Coronavirus – Day #12

One of the interesting things about the current crisis is how quickly things have changed. Only a couple of weeks ago we were wondering whether travel would be affected. Now conventions as far out as August are being cancelled. And you can get caught out. I’ve been watching a documentary series about British Rivers on Channel 5. It is basically an excuse to do some local history of the back of the region that a major river flows through. The latest episode I watched was on the Warwickshire Avon. (There are lots of rivers called Avon in England because afon is Welsh for river, and the English are stupid.) This is the one that flows through Stratford, but it is also known for Rugby and its sport, Warwick for its castle, Leamington for its spa and several other things. The river is also prone to flooding. At the start of the show the narrator said that 2020 would be remembered as the year of terrible floods on the Avon. Ha, no mate. Nice try.

Keeping up with the pace of change has been hard for some organisations. Today I got email from Tesco to say that they have finally implemented a queuing system (with enforced separation) for getting into stores, and at checkouts, plus a rigorous cleaning regime. They’ve also cut down on the range of products they stock to make sure they have enough basic necessities. I’m not going to risk heading out there for a while though. Goodness only knows how people will be behaving.

What does seem to be working is the Internet. Today I had a long video chat with my friend Otto in Helsinki. That sort of thing is easy. Also Disney+ seems to have got through its UK launch with no capacity issues. But utility systems are complicated. We still have power, water, and connectivity, but what happens if things go wrong? I’ve just had email from my internet provider, Zen, who have been great, but they don’t own vans. If something were to go wrong on the network out in the country somewhere, it is a company called Openreach that would send an engineer to fix it. They have just announced that they can no longer keep to their advertised service level. If your internet goes down, and you are not a priority industry, then you are screwed. In theory I still have the mobile phone, but hopefully I won’t need it.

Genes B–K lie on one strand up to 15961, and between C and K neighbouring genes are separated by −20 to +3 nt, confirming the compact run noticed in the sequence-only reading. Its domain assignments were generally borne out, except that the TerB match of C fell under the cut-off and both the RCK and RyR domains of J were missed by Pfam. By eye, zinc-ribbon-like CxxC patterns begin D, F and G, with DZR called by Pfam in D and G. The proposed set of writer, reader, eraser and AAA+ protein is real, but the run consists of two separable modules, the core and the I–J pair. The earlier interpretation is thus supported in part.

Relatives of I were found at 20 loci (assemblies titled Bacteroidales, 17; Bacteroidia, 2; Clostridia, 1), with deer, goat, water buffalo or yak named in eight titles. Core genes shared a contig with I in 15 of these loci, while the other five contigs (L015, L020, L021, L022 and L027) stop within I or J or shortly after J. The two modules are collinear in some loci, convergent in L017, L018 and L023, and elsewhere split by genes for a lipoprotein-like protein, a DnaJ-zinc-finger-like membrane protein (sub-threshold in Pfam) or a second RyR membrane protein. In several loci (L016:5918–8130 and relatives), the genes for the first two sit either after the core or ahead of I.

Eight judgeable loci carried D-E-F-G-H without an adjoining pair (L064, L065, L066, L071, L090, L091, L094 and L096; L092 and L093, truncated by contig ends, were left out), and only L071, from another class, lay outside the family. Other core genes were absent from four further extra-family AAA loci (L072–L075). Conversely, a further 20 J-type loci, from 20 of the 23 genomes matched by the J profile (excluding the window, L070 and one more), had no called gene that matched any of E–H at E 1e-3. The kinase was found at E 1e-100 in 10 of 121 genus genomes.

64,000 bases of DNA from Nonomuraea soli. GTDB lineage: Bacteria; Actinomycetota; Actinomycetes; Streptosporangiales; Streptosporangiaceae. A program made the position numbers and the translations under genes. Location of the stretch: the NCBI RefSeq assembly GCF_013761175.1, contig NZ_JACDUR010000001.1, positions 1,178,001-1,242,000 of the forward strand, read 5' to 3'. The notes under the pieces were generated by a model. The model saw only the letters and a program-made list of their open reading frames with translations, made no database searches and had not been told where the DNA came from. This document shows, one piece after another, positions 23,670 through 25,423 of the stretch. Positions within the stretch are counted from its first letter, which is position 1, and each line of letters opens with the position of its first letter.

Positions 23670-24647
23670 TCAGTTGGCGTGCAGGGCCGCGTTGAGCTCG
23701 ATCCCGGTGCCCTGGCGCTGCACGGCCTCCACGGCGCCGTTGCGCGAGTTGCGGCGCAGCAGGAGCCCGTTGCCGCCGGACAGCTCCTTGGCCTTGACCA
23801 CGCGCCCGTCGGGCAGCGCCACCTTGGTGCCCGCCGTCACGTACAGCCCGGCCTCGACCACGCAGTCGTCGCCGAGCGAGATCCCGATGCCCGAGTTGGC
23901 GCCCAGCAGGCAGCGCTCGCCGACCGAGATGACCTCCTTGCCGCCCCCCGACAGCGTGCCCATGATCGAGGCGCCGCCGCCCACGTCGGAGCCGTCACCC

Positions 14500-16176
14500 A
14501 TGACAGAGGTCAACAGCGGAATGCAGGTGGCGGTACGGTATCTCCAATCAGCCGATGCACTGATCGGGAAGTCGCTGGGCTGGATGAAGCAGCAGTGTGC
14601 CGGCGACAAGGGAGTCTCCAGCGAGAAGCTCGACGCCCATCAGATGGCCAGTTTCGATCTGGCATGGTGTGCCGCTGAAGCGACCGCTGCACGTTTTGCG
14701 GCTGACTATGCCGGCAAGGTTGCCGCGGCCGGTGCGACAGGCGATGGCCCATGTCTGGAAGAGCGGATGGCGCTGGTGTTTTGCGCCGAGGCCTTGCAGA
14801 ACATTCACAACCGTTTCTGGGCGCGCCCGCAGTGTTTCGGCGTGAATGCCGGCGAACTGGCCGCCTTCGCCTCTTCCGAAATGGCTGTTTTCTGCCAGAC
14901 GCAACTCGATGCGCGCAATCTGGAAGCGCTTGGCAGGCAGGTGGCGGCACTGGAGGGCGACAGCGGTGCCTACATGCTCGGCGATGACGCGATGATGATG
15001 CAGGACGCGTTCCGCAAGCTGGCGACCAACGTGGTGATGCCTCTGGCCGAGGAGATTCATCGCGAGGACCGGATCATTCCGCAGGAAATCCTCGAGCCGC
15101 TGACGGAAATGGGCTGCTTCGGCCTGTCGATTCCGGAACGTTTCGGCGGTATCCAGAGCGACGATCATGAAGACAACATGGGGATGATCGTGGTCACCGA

Without the Internet, of course, I would be completely cut off. I think I would probably still be OK for a while. I’m slightly boggled at the people who are getting cabin fever after a day or two of working from home. Obviously I don’t have kids, which helps a lot, but I’m used to this. I’ve been working for myself, mostly from home, since 2003. What’s more, as a trans person, I’m used to going 2 to 3 weeks over Christmas with no in-person social contact every year. In effect I have been training for this for a long time.

2 thoughts on “Coronavirus – Day #12

  1. The big news here as of last night are: all restaurants must close from Saturday and Uusimaa, the region I live in and where Helsinki is, will close for all non-essential out-of-the-region-travel from Friday. THAT was somehow unexpected, at least for me. Very Under the Dome-feeling right now.

    In the lines at the supermarkets middle-age men still crowd me and people are not great at the safety distance. So I am quite happy to mostly just stay home. I have realized that with homeschooling, work, knitting and reading my days are actually more full than they normally are (that’s the homeschooling playing in) and I never have time to do everything I want in a day (there is more housework too with all the extra cooking when everyone needs a lunch as well as a dinner). That’s a nice change for me – sometimes I have had the problem that my days have felt a bit empty (having a hermit nature has its downsides too). Apart from worrying about people in the risk groups and about the state of the world in general we are still fine, going about our routines as usual.

    1. Yeah, Otto mentioned the sealing off of Helsinki when I spoke to him yesterday. If the rest of the country is clear then it makes sense. But do they know that? Have they tested people?

      Presumably no one is using those vast underground shelters, because cramming people together would be a Very Bad Idea.

      My days are at least as full, if not more.

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